Why social distancing can slow SARS-CoV-2: Insights from infectious disease epidemiology

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Social distancing is a risk reduction measure to interrupt the spread of an infectious agent and is defined as “remaining out of congregate settings, avoiding mass gatherings, and maintaining distance (approximately 6 feet or 2 meters) from others when possible.” Globally, numerous cities, states and countries have enacted policies recommending or requiring social distancing strategies in order to slow the COVID-19 pandemic. Dr. McCoy uses insights from infectious disease epidemiology to explain the rationale behind these recommendations and why some believe that social distancing is the best available strategy to interrupt transmission.

Sandra McCoy is an Associate Professor in the Division of Epidemiology at the UC Berkeley School of Public Health. She studies how social, economic, and cultural forces influence disease transmission and health outcomes. During the past several years, Dr. McCoy has explored these relationships through the lens of HIV infection and reproductive health. Using a diverse array of approaches, her goal is to identify innovative, cost-effective, and scalable strategies to overcome global health challenges. Dr. McCoy has an MPH from the University of Michigan and a PhD in Epidemiology from the University of North Carolina at Chapel Hill. At UC Berkeley, Dr. McCoy teaches introduction to epidemiologic methods and co-teaches a course on the epidemiology and control of infectious diseases.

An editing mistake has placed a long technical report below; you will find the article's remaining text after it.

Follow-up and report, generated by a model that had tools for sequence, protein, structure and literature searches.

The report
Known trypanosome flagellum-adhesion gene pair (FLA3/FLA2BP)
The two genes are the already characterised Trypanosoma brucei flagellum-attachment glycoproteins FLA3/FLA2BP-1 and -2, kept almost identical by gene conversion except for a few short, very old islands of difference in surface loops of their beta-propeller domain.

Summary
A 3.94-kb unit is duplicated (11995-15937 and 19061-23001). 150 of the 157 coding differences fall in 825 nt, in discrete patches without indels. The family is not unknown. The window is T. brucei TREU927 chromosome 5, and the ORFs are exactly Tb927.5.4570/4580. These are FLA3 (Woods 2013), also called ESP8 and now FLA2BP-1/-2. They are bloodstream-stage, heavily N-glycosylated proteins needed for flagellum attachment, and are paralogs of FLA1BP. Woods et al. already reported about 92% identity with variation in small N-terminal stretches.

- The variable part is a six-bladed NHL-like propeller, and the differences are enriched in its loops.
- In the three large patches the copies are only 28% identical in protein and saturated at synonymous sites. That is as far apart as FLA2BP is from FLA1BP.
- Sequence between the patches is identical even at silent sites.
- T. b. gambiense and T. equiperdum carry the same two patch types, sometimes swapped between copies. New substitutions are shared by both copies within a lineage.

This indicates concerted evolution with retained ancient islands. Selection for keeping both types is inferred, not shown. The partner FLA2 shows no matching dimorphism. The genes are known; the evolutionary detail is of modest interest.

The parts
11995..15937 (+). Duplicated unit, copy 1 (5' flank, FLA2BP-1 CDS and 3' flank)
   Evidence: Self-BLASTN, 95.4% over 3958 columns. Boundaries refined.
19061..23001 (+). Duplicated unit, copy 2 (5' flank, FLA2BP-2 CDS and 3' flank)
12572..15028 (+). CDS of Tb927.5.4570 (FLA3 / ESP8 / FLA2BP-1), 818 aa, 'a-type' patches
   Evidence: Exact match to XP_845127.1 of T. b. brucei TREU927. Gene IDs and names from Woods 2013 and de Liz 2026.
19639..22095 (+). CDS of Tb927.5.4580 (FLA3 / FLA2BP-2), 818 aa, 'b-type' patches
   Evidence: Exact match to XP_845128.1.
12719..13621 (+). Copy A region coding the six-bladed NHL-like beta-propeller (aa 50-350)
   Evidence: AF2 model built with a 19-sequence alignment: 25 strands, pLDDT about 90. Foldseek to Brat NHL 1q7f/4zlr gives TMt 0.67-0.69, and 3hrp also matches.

Natural History of a Pathogen Informs Mitigation and Control Strategies

An important factor in deciding which outbreak mitigation and/or control strategies will be most effective is whether an individual can transmit the virus before or after the development of symptoms. In this infographic, the horizontal bars correspond to the days immediately following an infection. The different colors of the bars represent the stage of infection from the perspective of the virus or the infected person. From the perspective of the pathogen, after a number of days after infection, an individual will transition from noninfectious to being able to infect others (indicated by the transition from yellow to pink). From the perspective of the host, an individual may transition from being asymptomatic to being symptomatic (light green to dark green). Taken together, the timing of these two transitions influences which control strategies might be most effective.


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